There is a wildcard at every wedding.
He is either going to MAKE your party, or BREAK your party.
It seems that there is almost no happy medium with DJs. They either rock my face off. Or they suck. Bad.
This is meant for no offense to any DJ. My friends that are DJs know who they are and know that they are good. And this isn’t meant to bash DJs. I simply want to help you find the right DJ, and to know what to look for and expect.
It is easy for me to be opinionated after being involved in more than 100 weddings. And most people probably don’t care as much as I do. But I consider your interests to be my interests. And I want to help create the best environment for your wedding and reception so that it be a huge success. Because I have seen such a variety of situations, I can deduce down to what I think works and what doesn’t.
See also: ( 9 reason you MUST do a “First Look” )
I can only assume that after planning month after month to throw a good party, you want someone that knows how to host a party. Sure, the bride and groom are the party hosts, but the DJ sets the tone. The DJ creates the environment for the best night of your lives. And many DJs don’t know how to, even though they are professionals.
The reception isn’t necessarily about you two, but about your guests. You wine them and dine them, and hope that they dance the night away. You don’t want your guests to get stuck awkwardly attempting to dance to songs that just shouldn’t be played. More often than not, every reception has some very awkward silences, inappropriate music selections, crass jokes or simply unprofessional moments.
There are many different routes you can take with the DJ setup. Some DJs will do the audio for both your ceremony and reception, as well as MC the event. Some ceremony sites don’t require audio. We paid a friend to come do the audio, and a local radio personality to be our MC. In my opinion, that was the way to go. One guy is a pro at audio setup and having the gear to throw a party. The other guy gets paid millions to host a radio show. I knew it would be an instant success. And it was. The only downside was I was in charge of picking the music, and I botched it.
The best receptions I have been to typically had an MC and a DJ. Most DJs don’t necessarily have that striking personality that you would want to be running the party. There are a couple DJs out there that have it all. Personality, looks, jokes, excitability, great music, rad lights… But that is 1 out of 20.
A good DJ is one that keeps the party moving but you don’t even know they are there. Few words, excellent playlists, and timeliness of key events. They know how to stick to a timeline and keep things moving all the while not losing interest in your guests.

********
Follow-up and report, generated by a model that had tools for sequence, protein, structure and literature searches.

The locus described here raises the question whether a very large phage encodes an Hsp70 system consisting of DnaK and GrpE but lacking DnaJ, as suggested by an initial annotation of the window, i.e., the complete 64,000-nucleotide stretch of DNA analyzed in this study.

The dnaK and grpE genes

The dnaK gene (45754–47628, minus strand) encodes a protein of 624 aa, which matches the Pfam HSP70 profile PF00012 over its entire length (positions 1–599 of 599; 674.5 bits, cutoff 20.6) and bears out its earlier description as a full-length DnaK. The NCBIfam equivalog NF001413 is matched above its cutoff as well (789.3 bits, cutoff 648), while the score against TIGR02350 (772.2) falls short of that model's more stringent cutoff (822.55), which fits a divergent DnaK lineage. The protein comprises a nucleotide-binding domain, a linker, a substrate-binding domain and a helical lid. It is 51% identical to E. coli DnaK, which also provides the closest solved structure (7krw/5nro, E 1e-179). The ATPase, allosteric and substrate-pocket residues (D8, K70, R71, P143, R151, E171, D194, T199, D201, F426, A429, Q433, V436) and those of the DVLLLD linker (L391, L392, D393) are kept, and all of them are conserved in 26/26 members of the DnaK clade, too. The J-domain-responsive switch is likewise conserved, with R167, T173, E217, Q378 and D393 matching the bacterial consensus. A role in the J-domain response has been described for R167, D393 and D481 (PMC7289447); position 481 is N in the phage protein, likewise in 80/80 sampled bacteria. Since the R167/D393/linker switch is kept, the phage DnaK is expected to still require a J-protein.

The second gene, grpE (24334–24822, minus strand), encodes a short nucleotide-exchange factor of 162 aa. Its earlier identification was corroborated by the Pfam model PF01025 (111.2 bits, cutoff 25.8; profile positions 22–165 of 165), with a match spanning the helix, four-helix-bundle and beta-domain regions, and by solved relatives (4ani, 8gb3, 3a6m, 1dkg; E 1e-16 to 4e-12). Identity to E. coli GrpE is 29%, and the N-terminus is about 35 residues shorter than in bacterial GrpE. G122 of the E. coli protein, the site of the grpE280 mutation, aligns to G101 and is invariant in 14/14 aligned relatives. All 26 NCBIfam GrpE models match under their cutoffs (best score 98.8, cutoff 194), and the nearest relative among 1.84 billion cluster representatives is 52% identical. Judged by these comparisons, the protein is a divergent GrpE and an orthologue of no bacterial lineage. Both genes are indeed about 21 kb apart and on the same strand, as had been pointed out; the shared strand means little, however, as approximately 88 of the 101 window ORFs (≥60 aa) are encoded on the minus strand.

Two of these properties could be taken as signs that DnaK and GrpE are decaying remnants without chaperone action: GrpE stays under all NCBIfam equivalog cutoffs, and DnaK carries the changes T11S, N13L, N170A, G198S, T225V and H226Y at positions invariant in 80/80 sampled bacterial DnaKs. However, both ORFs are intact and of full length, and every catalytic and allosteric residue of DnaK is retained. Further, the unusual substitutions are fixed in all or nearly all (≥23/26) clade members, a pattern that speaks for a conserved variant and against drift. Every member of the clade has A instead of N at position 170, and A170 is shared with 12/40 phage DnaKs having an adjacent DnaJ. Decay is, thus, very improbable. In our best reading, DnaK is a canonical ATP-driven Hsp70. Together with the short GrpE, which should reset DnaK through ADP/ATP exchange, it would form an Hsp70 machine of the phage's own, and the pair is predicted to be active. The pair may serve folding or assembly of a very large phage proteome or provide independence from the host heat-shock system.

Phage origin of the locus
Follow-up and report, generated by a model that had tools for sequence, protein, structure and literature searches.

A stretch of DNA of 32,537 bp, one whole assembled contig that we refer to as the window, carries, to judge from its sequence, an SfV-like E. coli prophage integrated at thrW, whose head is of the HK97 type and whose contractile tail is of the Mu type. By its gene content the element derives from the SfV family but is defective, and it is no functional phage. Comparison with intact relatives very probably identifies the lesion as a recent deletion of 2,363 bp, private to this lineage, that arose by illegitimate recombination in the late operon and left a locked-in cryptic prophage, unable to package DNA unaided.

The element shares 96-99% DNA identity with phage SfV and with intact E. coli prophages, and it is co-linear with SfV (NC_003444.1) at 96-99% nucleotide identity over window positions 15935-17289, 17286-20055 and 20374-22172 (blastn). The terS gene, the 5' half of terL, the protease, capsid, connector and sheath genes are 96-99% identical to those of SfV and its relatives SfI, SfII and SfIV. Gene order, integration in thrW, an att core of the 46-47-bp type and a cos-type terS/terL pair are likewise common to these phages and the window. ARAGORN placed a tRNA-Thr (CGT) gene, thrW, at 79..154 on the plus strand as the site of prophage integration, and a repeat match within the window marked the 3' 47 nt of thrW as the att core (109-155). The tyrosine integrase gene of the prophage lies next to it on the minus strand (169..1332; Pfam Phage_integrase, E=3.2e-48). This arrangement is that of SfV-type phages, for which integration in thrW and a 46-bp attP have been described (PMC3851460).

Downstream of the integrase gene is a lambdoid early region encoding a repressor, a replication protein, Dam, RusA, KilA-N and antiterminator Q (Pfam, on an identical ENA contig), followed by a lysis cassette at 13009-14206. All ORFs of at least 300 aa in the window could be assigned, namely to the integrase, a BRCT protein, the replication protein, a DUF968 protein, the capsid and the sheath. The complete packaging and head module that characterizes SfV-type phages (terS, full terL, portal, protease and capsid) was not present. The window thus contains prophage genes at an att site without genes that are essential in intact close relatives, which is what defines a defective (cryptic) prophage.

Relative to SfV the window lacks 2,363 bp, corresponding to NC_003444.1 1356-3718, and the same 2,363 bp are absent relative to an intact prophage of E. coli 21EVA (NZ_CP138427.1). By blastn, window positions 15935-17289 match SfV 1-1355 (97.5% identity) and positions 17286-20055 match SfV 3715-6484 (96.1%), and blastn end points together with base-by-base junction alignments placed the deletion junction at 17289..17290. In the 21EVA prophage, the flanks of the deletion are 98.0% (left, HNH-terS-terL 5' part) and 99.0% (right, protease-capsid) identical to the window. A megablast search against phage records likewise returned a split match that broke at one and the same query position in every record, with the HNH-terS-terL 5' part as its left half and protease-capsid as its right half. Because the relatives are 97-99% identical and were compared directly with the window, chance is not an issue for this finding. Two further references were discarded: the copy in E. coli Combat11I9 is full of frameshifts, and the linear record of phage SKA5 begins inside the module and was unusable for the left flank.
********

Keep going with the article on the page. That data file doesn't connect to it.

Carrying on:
HOW DO I FIND A GOOD DJ?
1. Referrals. Ask people you trust for recommendations And what that DJ did well and what they sucked at. 99% of brides don’t have these conversations, and it ends up a bust. Just because they have the gear and a website and have DJ’d at a club DOES NOT MEAN the DJ know weddings.
2. Ask your photographer. They all have similar opinions and experience as I do.
My rule of thumbs, or rules of thumb for your DJ:
1. No song should EVER last more than 90-120 seconds. Keep it fresh. People don’t want to dance to the same song for 5 minutes. Trust me.
2. Most brides would even say that the Father-Daughter dance shouldn’t last more than 120 seconds unless it was choreographed. I’ve seen many a brides feeling extremely awkward and trying to get the DJs attention to end the song.
3. If you start a song and it clears the dance floor, skip the awkwardness and jump to the next track to get people back out there. Even if you are 10 seconds into that dumb oldies song. Don’t finish the song just because it was started. That doesn’t mean playing another oldie if the last oldie just killed the party. Ad lib.
4. Request music from the DJ that fits your crowd. If the average age of your guests is well over 50, please don’t expect them to get their grind on to Ja Rule. If you are a young couple with a super young crowd, please do us all a favor and don’t request oldies (ie: Brick House, Celebrate, YMCA……..)
5. The electric slide is so ten years ago. But if you insist, don’t do it for 15 minutes. 90 second rule applies here.
6. Talk less. DJs shouldn’t tell jokes. I’ve rarely heard a good one told. This is why you hire a good MC, or kindly ask that your DJ not talk much except when directing the events. Unless you know them and know they aren’t going to say something dumb.
7. A DJ needs to know how to keep things moving, with good transitions, not being sporadic with songs. Playing a country song right after a hip hop song isn’t a smooth transition.
8. DJ needs to have moving lights. This makes for a better mood and rad photographs. But don’t just shine a pink spotlight on the bride. Photos won’t
9. Don’t mix songs like it’s a club. And don’t scratch songs together for 10 seconds that are in different keys.
Maid of honor desperately attempting to get her mic to work while DJ is in the corner texting.
Bridesmaid walking over to the DJ table and turning the volume down because the DJ is at the bar.
DJ playing unedited, explicit music which sends the grandparents walking.
If your mic cuts in and out during your vows, it’s very frustrating for you and the guests. Give the DJ the ok to come up and fix the mic. Tell your officiant to pause for a moment for audio issues to get fixed. That is less awkward than the elephant in the room that isn’t being addressed.
Out of roughly 110 weddings that I have photographed, 10-15 of those had a very memorable reception, because the DJ knew what he was doing, and did it well.
The DJ truly makes or breaks the reception. Much more than the details, the food and the photographer.
Yo DJ, rock this party.